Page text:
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Kevin Durant: ‘I really wanted to play for the black-and-white’

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Phoenix Suns v Brooklyn Nets Photo by Mike Stobe/Getty Images

In a 75-minute interview on Showtime’s “All the Smoke,” Kevin Durant told Matt Barnes and Stephen Jackson why he wanted to come to Brooklyn and why he wanted to play with the man he describes as “an artist,” Kyrie Irving.

Durant said in short that the Nets were an “perfect” fit for him, noting that playing in an “up-and-coming city” like Brooklyn appealed to him, as did playing with his friends, Irving and DeAndre Jordan and a young core. And he noted, as well, that two Nets staffers who went from OKC to Brooklyn before him helped give him a comfort level with the Nets.

“I just happened to play for another team. It is what it is,” said Durant in explaining why he left Golden State where he had won two championships but wasn’t completely happy.

The Nets, he said, were always at the top of his list. When Barnes asked did you ever consider anywhere other that Brooklyn, KD made it clear the Nets were the favorite from early on.

“Not really. I looked at the Clippers. I took a peek at the Knicks through my due diligence but I really wanted to play for the black and white,” Durant said. “I liked the brand. Brooklyn was an up-and-coming city that needed some new flair. new basketball injection. Because being in Oklahome City, I knew what that was like, having a new franchise around. I was excited about hopefully doing something like that again in Brooklyn with a new team.”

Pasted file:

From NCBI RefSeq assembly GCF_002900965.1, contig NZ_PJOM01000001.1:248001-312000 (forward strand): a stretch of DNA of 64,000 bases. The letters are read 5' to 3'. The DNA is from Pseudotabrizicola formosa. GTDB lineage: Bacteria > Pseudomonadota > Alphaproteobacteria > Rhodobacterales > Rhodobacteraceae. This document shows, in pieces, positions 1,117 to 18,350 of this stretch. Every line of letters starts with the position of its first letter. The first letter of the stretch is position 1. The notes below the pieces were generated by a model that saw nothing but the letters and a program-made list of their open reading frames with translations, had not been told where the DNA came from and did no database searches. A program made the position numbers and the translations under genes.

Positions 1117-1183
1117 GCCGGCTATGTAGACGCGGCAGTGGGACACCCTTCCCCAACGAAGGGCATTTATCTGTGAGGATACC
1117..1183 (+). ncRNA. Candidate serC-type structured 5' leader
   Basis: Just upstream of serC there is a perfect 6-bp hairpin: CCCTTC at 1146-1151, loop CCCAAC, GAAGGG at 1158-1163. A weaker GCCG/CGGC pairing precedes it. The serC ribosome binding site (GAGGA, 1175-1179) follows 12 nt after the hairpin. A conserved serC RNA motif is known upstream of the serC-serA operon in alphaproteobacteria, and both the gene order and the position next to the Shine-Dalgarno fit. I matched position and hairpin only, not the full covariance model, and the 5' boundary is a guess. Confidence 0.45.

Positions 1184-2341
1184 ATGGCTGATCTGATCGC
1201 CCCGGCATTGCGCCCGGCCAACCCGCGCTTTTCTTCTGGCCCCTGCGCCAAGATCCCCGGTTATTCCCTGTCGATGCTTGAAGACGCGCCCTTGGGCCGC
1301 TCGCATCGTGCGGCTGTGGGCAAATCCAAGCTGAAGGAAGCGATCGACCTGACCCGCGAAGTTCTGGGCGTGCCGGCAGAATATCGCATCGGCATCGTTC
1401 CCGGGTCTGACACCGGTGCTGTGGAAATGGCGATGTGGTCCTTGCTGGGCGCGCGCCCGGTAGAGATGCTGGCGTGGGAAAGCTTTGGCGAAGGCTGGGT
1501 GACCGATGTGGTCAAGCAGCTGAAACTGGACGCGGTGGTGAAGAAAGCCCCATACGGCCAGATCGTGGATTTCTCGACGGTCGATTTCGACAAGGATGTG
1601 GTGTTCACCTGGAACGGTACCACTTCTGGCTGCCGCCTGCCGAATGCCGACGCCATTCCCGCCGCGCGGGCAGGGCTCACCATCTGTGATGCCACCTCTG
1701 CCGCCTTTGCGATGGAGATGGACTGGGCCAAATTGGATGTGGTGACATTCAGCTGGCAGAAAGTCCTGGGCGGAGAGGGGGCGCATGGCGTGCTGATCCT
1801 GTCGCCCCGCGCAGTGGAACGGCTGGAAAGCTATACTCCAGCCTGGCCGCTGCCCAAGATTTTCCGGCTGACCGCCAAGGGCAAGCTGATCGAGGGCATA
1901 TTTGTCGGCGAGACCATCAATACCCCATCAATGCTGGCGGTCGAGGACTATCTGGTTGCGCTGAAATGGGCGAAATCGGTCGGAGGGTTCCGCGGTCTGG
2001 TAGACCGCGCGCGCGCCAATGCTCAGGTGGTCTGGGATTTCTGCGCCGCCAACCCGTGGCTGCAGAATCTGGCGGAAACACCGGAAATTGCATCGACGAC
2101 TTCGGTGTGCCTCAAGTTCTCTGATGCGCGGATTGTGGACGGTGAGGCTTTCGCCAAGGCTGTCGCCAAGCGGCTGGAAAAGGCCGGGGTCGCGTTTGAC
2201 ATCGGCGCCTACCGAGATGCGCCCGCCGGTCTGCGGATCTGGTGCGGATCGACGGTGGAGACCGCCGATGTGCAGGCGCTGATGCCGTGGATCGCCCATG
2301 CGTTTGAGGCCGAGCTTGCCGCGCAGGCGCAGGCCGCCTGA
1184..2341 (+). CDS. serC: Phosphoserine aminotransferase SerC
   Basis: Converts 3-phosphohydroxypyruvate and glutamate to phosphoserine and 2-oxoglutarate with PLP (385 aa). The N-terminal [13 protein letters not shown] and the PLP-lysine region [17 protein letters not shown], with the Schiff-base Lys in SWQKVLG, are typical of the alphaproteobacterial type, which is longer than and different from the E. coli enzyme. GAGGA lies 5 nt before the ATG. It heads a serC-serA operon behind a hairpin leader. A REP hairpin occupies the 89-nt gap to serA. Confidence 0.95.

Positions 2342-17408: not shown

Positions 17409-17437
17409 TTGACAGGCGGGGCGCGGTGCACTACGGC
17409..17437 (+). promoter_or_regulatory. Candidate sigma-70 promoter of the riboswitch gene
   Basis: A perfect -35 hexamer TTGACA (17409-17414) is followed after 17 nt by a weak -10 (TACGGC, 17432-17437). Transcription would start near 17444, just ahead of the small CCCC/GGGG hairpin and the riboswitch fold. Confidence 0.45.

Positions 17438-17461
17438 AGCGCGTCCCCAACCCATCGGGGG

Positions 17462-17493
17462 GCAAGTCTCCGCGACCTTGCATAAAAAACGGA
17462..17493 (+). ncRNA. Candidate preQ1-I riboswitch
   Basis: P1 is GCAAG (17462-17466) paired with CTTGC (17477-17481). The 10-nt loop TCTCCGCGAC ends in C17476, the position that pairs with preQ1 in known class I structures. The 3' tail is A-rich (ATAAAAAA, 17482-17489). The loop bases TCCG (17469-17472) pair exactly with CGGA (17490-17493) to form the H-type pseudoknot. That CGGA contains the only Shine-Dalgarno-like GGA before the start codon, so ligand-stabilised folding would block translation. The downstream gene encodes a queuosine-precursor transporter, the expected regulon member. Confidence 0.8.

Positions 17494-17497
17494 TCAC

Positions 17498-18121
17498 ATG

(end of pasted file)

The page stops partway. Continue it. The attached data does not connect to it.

The pairing with Irving played a big role, he noted.

“Playing with Kyrie Irving who’s from Jersey and got that tie with the Jersey side of things. We could bring them home,” he said. “We could bring in so many fans. So we had a solid thing going. You know what I’m sayin?

“We had Sean Marks, who’s a young GM, who’s up-and-coming, a young team that has some, a little bit of experience in the playoffs. It all worked out. And then having a couple of trainers and coaches who I worked with in Oklahoma City, worked with during my time in the league felt like they migrated to the Nets and you know it felt like it was perfect.”

The Nets trainer, Sebastien Poirier, and assistant coach, Adam Harrington, were both close to Durant when they were all in OKC. Poirier was an assistant trainer with the Thunder, Harrington the shooting coach. Durant and Harrington had a particularly close relationship.

Durant spoke as well about how the “Clean Sweep” came together, that it wasn’t just a late night conversation a few days before free agency. He, Irving and DeAndre Jordan had been talking about playing together for a while and that neither of them were completely happy in Boston for Irving, Golden State for Durant.

“I’ve been having conversations with Kyrie for the last two years,” he noted. “Not even about playing together, as just brothers. We didn’t plan on playing together. We played against each other in my second year with the Warriors and we had a mutual friend and we just bonded together and we bonded on life in general ... and basketball in general, that just formed over time.

“He didn’t like where his situation was at and me either in Golden State. And just to see how this will work. Let’s try it out. And DJ wanted to play with us and be that center for us that can hold it down and play for something really, play for a team that’s going somewhere and not just bouncing around the league. We knew he’d be a vital piece for us going forward, not just as a star, but being a good teammate. So it just worked out.”